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Publication Detail
Essays on the Evaluation of Educational Policies
  • Publication Type:
    Thesis/Dissertation
  • Authors:
    Adamecz-Volgyi A
  • Date awarded:
    2016
  • Supervisors:
    Kezdi G
  • Awarding institution:
    Central European University
  • Language:
    English
  • Notes:
    https://sierra.ceu.edu/record=b1202301
Abstract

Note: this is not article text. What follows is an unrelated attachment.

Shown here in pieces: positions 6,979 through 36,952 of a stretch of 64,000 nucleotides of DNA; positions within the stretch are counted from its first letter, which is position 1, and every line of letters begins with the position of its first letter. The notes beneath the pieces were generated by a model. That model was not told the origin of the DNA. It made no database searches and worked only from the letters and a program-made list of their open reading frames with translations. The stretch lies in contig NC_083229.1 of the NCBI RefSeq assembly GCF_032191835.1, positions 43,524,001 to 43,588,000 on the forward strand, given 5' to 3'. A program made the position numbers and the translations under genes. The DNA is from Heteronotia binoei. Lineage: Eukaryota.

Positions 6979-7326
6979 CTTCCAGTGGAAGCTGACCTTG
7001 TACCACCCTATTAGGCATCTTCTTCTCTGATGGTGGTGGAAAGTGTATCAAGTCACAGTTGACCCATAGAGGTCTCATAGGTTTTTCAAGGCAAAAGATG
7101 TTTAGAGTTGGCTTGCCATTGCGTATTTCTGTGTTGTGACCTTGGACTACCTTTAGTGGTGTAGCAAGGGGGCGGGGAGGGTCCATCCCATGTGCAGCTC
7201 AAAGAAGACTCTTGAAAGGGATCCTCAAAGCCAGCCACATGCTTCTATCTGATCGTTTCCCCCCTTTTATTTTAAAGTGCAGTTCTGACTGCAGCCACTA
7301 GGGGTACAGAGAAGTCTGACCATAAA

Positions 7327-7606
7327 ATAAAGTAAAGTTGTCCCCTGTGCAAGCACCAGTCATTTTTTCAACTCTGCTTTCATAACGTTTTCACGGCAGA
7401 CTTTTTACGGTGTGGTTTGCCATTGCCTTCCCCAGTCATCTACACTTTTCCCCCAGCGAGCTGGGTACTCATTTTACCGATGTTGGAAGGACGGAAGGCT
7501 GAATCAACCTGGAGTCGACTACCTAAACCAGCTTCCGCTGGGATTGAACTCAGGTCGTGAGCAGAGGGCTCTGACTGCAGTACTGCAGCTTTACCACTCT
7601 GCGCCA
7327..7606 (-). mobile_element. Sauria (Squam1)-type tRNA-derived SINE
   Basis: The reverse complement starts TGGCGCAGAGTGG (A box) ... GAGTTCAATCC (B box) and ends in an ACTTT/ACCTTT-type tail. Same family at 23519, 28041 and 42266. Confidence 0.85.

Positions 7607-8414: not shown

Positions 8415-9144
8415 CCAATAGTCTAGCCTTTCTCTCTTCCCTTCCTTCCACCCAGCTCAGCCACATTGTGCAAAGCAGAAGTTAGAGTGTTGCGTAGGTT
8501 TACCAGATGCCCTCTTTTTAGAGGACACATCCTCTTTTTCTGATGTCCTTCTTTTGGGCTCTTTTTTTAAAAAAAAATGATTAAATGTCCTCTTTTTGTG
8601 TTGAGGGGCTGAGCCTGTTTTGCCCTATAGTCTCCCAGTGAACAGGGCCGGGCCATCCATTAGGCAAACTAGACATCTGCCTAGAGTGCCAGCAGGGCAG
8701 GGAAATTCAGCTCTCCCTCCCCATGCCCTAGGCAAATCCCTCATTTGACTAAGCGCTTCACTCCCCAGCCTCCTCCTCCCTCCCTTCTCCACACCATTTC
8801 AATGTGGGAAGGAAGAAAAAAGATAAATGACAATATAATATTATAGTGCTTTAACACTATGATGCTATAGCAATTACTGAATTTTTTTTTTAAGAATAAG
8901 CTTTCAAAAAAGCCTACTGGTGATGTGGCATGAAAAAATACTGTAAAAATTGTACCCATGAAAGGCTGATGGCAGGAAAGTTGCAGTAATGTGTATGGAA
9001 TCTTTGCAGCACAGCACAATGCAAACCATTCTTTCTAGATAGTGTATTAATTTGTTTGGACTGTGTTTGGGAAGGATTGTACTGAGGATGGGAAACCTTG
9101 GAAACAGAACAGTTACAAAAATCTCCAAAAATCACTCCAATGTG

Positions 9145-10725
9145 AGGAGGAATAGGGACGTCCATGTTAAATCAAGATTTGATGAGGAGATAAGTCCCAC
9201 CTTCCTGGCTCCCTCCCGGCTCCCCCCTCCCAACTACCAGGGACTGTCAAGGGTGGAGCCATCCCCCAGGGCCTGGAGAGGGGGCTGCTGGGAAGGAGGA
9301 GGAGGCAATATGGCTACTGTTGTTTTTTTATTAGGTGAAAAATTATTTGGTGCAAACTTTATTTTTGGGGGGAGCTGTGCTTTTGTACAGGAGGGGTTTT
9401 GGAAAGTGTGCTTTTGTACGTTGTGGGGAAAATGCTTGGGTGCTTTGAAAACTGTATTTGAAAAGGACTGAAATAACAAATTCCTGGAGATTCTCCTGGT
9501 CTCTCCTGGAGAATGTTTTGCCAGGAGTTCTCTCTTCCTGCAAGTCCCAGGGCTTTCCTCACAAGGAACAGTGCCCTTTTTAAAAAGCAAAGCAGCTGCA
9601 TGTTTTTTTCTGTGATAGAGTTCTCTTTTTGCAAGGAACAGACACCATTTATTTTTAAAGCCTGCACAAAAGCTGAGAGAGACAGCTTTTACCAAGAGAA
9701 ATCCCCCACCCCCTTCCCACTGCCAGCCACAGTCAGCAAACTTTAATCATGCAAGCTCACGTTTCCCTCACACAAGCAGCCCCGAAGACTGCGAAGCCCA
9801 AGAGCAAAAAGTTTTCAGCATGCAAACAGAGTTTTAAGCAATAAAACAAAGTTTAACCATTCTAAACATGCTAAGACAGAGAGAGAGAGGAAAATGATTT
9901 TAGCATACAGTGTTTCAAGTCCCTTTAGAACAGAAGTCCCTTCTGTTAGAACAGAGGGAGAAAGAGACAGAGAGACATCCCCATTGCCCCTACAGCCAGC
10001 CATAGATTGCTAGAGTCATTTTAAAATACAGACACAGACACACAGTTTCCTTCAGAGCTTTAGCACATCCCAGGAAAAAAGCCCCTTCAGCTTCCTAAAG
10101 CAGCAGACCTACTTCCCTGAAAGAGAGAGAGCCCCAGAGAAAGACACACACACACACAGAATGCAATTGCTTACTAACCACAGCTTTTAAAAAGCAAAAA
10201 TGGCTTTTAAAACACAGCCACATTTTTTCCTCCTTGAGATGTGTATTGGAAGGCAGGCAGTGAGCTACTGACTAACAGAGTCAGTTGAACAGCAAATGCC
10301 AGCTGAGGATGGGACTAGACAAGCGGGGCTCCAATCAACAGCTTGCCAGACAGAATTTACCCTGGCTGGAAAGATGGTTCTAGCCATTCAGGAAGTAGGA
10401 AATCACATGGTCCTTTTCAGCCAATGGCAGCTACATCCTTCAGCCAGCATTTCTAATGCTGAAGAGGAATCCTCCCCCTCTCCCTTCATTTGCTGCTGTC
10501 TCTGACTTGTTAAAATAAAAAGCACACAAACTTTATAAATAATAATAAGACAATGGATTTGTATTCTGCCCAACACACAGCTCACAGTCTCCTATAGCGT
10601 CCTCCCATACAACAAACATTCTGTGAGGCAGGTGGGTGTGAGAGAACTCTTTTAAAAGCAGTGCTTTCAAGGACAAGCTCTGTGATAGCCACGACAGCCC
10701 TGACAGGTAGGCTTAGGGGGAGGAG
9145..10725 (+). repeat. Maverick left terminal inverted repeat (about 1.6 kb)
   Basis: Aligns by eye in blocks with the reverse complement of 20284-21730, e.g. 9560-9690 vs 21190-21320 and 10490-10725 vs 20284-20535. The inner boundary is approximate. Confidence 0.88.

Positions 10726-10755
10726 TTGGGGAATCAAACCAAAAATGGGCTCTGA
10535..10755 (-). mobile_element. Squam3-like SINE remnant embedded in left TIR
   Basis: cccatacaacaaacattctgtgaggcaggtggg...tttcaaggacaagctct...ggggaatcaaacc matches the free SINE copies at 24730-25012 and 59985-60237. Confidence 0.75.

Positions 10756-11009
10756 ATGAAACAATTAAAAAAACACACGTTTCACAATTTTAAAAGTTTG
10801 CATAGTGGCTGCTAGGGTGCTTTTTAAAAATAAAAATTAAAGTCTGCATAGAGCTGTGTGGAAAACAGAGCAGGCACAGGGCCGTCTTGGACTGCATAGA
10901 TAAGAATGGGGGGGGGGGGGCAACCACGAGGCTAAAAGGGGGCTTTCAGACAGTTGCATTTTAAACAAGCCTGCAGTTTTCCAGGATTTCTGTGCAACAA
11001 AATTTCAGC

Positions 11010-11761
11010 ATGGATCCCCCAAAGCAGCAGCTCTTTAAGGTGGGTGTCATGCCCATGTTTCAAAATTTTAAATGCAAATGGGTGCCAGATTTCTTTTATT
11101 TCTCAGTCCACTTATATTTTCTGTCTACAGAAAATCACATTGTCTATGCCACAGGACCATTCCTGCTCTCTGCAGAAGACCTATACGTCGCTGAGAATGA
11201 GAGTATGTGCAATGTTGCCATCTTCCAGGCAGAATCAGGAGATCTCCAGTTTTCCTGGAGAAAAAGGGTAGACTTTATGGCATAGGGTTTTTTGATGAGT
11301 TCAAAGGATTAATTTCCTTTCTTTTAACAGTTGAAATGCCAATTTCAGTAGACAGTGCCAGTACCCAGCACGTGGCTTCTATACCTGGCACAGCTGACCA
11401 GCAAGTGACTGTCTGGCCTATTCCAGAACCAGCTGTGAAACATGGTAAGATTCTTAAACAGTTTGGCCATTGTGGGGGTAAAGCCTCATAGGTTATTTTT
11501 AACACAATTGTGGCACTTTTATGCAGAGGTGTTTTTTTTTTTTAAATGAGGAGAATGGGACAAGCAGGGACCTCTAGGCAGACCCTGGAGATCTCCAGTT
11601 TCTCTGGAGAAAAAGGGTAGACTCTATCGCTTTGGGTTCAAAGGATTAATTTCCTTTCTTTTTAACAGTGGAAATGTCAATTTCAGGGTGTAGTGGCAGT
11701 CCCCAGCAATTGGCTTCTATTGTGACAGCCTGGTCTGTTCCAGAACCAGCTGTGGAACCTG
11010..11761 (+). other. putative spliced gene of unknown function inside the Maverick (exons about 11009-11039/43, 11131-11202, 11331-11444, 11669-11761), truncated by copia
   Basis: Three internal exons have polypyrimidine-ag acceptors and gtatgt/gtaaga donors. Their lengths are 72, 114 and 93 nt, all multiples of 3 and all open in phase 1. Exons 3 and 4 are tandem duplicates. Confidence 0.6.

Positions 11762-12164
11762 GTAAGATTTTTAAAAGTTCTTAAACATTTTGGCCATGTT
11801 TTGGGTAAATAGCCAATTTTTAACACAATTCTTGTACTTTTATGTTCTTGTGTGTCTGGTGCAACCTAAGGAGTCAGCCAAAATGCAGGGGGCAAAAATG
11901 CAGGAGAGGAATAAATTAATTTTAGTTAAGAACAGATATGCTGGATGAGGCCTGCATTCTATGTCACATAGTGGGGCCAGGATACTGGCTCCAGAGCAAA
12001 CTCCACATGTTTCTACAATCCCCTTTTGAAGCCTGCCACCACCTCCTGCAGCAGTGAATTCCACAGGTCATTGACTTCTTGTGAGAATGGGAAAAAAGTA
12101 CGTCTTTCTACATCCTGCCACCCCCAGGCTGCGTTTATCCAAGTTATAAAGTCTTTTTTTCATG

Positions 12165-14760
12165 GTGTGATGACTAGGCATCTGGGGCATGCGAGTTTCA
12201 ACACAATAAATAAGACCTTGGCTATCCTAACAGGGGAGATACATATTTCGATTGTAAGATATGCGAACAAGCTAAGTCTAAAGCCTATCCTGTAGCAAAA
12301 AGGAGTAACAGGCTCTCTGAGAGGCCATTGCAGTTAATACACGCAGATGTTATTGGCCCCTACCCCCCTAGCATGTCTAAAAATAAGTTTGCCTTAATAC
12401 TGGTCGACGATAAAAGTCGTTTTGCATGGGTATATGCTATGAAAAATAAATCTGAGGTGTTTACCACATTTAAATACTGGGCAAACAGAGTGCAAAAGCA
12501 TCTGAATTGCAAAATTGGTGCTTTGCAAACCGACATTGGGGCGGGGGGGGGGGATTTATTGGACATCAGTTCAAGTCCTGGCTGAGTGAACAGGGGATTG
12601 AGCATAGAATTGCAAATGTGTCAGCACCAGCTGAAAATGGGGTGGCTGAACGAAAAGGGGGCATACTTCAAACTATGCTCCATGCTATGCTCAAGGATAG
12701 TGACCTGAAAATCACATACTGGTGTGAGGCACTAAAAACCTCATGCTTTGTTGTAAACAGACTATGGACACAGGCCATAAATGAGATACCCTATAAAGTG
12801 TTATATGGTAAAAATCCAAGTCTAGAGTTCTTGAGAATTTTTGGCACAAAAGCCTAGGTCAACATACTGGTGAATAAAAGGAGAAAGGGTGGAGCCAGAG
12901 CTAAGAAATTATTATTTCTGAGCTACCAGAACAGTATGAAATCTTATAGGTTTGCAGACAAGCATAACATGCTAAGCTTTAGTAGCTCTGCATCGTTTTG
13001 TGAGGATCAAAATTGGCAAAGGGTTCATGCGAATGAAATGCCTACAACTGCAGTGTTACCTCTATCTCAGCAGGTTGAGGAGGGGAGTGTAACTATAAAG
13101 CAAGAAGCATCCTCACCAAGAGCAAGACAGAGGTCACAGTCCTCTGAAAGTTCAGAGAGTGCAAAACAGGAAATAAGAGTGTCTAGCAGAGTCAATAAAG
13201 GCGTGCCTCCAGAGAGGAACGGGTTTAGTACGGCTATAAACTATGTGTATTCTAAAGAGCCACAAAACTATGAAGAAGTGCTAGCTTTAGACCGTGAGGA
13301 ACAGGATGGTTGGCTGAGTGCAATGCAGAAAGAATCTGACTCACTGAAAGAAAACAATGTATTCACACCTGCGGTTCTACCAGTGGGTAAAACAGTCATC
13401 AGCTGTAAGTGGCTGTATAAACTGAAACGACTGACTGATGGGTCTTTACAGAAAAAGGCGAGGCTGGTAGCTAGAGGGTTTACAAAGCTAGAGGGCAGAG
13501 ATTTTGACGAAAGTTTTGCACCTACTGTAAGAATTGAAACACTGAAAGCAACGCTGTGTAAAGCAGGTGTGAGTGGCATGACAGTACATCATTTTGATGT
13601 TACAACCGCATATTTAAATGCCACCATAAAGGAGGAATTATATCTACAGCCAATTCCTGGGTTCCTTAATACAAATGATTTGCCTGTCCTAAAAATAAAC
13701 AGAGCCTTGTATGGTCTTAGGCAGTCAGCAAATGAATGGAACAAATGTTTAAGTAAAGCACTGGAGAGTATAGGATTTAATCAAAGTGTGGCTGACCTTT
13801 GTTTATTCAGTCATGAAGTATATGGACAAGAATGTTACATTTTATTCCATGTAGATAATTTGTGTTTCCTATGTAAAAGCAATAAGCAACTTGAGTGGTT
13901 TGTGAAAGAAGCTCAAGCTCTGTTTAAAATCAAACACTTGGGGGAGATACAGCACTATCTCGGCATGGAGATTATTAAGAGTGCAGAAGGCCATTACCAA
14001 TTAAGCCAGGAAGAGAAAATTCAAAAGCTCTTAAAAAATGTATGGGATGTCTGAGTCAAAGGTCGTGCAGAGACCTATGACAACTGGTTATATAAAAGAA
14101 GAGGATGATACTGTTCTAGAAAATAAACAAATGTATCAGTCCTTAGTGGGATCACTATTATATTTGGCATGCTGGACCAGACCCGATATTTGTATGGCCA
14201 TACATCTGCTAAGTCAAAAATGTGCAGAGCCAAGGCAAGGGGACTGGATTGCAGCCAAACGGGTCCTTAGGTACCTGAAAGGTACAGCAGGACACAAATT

In my thesis, I evaluate the effects of educational policy interventions. Educational outcomes are important factors of economic and social success. According to the human capital theory, individuals invest time and effort in their education for immediate and future gains. In the theoretical model of schooling investment and consumption decisions, one decides about how much time and effort to invest in learning maximizing the difference of the expected present value of lifetime wages and non-monetary benefits from schooling, and the actual costs of going to school and taking efforts. Both theoretical and empirical evidence shows that such decision-making process may lead to lower-than-optimal schooling investment decisions, especially in the case of children of low socio-economic background, because they discount future returns more heavily, and also, learning may require more efforts from them. Educational policies can influence the production of educational outcomes through two main channels. First, they may aim to induce individuals to invest more in learning. Second, they can increase the productivity of the learning process within schools to produce higher outcomes. I examine examples of these two types of policy measures in my dissertation. In the first two chapters, I estimate the impacts of increasing the compulsory school leaving (CSL) age in Hungary. CSL age legislation introduces a constraint into the mechanism in which one decides about how much time to invest in going to school. I make use of a legislation change that increased CSL age from 16 to 18. In the first chapter, I estimate the effects of increased CSL age on secondary school track choice which occurs at age 14 and secondary school dropout rates. I find that the legislation change resulted in an increased probability that children would choose the academic high school track instead of vocational training schools. At the same time, those choosing vocational training schools are more likely to drop out under the higher CSL age scheme. Potential explanations of increased dropout rates include a decrease in the quality of teaching in vocational training schools due to supply constraints, and a shift in student composition to include more students from lower socioeconomic backgrounds. The second chapter is joint work with Flóra Samu and Ágota Scharle. We are looking at the effects of increased CSL age on the teenage fertility of Roma women, a disadvantaged ethnic minority in Hungary. We provide evidence that the legislation change decreased the probability of teenage motherhood among Roma women by 6.8 percentage points. This effect is temporary as higher CSL age delayed first birth-giving by two years. We exploit a unique database that covers live births, miscarriages, abortions, and stillbirths, and contains information on the time of conception by weekly precision. We propose that the impact of the legislation change can be explained exclusively by the incapacitation effect of education, which keeps women physically in school: the higher CSL age decreases the probability of getting pregnant during the school year but not during summer and Christmas breaks. The third chapter, which is joint work with Gábor Kézdi and Éva Surányi, considers educational policy from a different angle. It estimates the effects of a change in the technology of educational production within schools by looking at the OOIH demonstration program in Hungary. The program supported teachers and the management of schools with disadvantaged Roma students, mixed with non-Roma students, and aimed at helping the development of all students in an integrated school environment. We find that the program had significant positive effects on academic development (especially for Roma students), socio-emotional skills (in both ethnic groups), and inter-ethnic attitudes of non-Roma students. In my thesis, I document that increasing the CSL age affects forward-looking decision making about secondary school track choice, and impacts the distribution of students in school. I find that these effects are the strongest among children of low-educated parents. Furthermore, I provide evidence that higher CSL age can reduce teenage pregnancy solely through the incapacitation effect of being in school, even in a case when no human capital effects of education can be detected. Lastly, I document that a sensitive approach to the integrated education of Roma and non-Roma students is beneficial for all parties involved.
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